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Apotemnophilia Condition and Its Nature

Body portrayal problems keep on being puzzling and include the anatomical substrate that underlies the psychological portrayal of the body. These problems sit on the limits of neurological and mental disorder. Apotemnophilia or body integrity identity disorder (BIID) is defined by the wild desire to sever at least one functional healthy body part or to be paraplegic. (Fornaro et al., 2020). It shows a shocking reversal of body parts perception, demanding that an apparently sound piece of the body does not belong to them and that they would feel more complete without it. Psychological complications influencing the superior parietal lobule (SPL) have been accounted for to initiate a scope of interruptions of real experience (Longo, 2020). A few patients with right SPL injuries claimed that the whole left half of their body had vanished (Longo, 2020).

The primary logical report of this issue was only reported in 1977, when John Money depicted two cases that mentioned people wanting to remove of a healthy limb, a condition he named apotemnophilia (Novais et al., 2016). It is difficult to identify the real number on the prevalence of such condition since many people do not report the case to their doctors. The beginning of this desire ordinarily happens in youth or pre-adulthood at a mean age of 6-7 years (Tatu & Bogousslavsky, 2017). It is related with constant sensations of dysphoria which are diminished by the longing to amputate a limb or to fake disability. Men appear to be more probable to be influenced than females, however the proportion is imprecise (Tatu & Bogousslavsky, 2017). Significantly, patients want the removal of a left-sided appendage (Tatu & Bogousslavsky, 2017). Thus, apotemnophilia is an uncommon, extraordinarily understudied condition, which obscures the boundaries between psychiatry and nervous system science. Learning about this disorder made me think about how human’s perception of his or her body influences the physical decisions.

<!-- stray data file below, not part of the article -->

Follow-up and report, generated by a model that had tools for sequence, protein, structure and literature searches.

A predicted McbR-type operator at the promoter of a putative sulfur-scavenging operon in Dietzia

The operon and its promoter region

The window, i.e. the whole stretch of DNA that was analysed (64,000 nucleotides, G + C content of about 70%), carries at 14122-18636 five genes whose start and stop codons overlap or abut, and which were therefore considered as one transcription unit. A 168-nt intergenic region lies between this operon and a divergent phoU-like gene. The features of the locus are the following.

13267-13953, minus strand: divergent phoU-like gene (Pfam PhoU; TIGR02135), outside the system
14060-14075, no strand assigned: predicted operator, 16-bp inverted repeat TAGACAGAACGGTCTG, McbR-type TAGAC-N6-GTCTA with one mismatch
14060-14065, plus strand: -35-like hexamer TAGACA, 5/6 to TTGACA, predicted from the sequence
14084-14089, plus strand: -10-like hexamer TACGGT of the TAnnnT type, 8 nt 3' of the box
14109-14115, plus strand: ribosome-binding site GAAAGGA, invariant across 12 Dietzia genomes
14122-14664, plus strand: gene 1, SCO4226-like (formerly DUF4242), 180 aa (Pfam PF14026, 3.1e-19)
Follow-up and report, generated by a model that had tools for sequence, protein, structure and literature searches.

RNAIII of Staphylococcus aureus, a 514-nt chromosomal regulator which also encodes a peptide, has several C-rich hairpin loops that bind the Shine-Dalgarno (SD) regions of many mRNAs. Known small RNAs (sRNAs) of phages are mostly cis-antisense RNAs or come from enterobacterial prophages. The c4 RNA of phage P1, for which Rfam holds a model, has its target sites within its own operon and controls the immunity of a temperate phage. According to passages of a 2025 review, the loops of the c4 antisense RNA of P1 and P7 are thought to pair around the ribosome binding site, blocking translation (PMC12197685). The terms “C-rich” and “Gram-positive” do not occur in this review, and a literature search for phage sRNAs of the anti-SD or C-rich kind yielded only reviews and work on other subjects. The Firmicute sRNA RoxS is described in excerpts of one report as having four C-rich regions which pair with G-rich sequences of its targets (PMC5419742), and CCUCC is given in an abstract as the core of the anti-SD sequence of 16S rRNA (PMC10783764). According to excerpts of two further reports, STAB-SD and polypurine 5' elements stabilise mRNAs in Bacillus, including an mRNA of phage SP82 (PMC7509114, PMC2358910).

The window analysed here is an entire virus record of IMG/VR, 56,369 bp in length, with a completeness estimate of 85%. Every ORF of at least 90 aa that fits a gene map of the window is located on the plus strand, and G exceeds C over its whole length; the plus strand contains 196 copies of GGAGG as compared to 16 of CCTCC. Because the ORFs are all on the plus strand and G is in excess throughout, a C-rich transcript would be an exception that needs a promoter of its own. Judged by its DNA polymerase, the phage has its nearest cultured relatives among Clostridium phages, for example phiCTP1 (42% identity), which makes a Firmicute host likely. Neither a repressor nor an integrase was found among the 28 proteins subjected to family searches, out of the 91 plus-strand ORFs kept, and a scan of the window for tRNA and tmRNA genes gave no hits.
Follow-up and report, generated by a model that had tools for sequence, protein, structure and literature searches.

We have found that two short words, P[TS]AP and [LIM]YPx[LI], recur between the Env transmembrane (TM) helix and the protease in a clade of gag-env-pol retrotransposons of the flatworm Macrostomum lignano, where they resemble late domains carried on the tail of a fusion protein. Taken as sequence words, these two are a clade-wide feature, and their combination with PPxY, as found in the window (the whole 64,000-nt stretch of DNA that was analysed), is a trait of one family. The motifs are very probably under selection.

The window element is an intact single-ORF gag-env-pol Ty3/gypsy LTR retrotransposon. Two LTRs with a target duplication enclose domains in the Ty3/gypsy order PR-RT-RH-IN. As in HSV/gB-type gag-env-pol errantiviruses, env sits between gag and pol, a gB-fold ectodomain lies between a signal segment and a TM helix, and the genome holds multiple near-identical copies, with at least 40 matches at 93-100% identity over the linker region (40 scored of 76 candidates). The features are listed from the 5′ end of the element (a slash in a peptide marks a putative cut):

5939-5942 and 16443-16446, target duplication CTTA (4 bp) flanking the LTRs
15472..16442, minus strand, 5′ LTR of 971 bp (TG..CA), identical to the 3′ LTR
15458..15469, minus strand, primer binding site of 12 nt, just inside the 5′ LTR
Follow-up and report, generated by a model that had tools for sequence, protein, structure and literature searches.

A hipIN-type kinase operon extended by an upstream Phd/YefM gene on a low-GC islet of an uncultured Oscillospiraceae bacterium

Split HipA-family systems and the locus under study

References

Fornaro, S., Patrikelis, P., & Lucci, G. (2020). When having a limb means feeling overcomplete. Xenomelia, the chronic sense of disownership and the right parietal lobe hypothesis. Laterality, 1–20. Web.

Longo, M. R. (2020). Body Image: Neural basis of ‘negative’ phantom limbs. Current Biology, 30(11). Web.

Novais, C., Peixoto, M. J., Oliveira, M. M., & Côrte-Real, A. (2016). Apotemnophilia: Psychiatric disorder, neurological disorder or not a disease at all? European Psychiatry, 33(S1). Web.

Tatu, L., & Bogousslavsky, J. (2017). Phantom sensations, supernumerary phantom limbs and apotemnophilia: Three body representation disorders. Frontiers of Neurology and Neuroscience, 14–22. Web.

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1. StudyKraken. "Apotemnophilia Condition and Its Nature." August 13, 2022. https://studykraken.com/apotemnophilia-condition-and-its-nature/.


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StudyKraken. "Apotemnophilia Condition and Its Nature." August 13, 2022. https://studykraken.com/apotemnophilia-condition-and-its-nature/.

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StudyKraken. 2022. "Apotemnophilia Condition and Its Nature." August 13, 2022. https://studykraken.com/apotemnophilia-condition-and-its-nature/.

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StudyKraken. (2022) 'Apotemnophilia Condition and Its Nature'. 13 August.

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